But I don’t think Metallica would have bettered their early work. That would have been difficult. And success was undoubtedly a factor in their decline. So was getting older. Metallica mellowed and it showed in their music. Slayer prove that this isn’t inevitable and it’s good that Slayer are also part of this book. It’s valuable not just as a biography of Metallica but also as a history of heavy metal. Metallica were influenced by older bands, so McIver discusses Motörhead, Venom and Diamond Head. Metallica were part of a scene, so he discusses Exodus, Slayer and Testament. Metallica influenced younger bands, so he discusses Celtic Frost, Machine Head and many others.

He also discusses the genesis of thrash metal and of newer genres like death and black metal. Heavy metal is interesting in part because it so obviously evolves and mutates, not just musically but sartorially, tonsorially and typographically too. The possibilities of the electric guitar had by no means been exhausted in the 1960s and ’70s. In the ’80s the hunt for greater heaviness and speed was on. This is the drummer Gene Hoglan:

“I used to soundcheck the drums for Slayer on the Haunting the West Coast tour, and all they played at soundchecks were Dark Angel songs. I remember Slayer guitarist Jeff Hanneman saying to me (adopts worried tone), ‘Dude, Dark Angel, I saw ’em back in LA, they’re faster than us, they’re heavier than us, they’re better than us.’ And I was like, ‘Dude, you’re in Slayer! What are you worrying about Dark Angel for?’” (ch. 12, pg. 150)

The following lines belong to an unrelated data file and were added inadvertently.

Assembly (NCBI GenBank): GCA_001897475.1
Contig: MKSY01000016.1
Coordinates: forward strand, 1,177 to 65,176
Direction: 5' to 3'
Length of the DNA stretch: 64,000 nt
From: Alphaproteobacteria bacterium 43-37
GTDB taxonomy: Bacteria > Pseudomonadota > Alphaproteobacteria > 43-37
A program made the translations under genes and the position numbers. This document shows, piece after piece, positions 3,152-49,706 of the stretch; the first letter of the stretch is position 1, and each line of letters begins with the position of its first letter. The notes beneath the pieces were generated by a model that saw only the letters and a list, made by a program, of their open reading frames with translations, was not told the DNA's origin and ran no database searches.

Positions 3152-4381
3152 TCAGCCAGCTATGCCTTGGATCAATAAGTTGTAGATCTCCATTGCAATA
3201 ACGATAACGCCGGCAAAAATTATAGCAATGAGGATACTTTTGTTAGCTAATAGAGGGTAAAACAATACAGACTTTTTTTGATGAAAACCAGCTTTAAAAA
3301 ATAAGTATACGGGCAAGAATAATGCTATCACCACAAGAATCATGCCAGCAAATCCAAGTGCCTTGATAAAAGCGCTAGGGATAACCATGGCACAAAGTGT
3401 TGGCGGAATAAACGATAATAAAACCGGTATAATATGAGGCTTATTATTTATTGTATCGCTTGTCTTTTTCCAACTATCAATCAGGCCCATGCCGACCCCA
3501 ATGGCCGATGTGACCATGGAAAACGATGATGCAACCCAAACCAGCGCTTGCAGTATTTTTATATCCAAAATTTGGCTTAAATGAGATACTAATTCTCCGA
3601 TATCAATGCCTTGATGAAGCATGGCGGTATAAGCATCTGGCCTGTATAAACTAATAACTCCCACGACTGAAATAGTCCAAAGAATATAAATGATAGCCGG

The results of metal’s mutations can sometimes be laughable, but the cartoonishness of metal can be part of its appeal too. One of the good things about Metallica is that they have a sense of humour and irony. The liner-notes for Garage Days – which was “Not Very Produced by Metallica” – are both funny and literate. The music on the EP is full of jokes too, but McIver correctly notes that it “boasted one of the best overall sounds they would ever achieve” (ch. 15, “1986-1988”, pg. 183). The good sound and high spirits are absent on their next album, …And Justice for All (1988).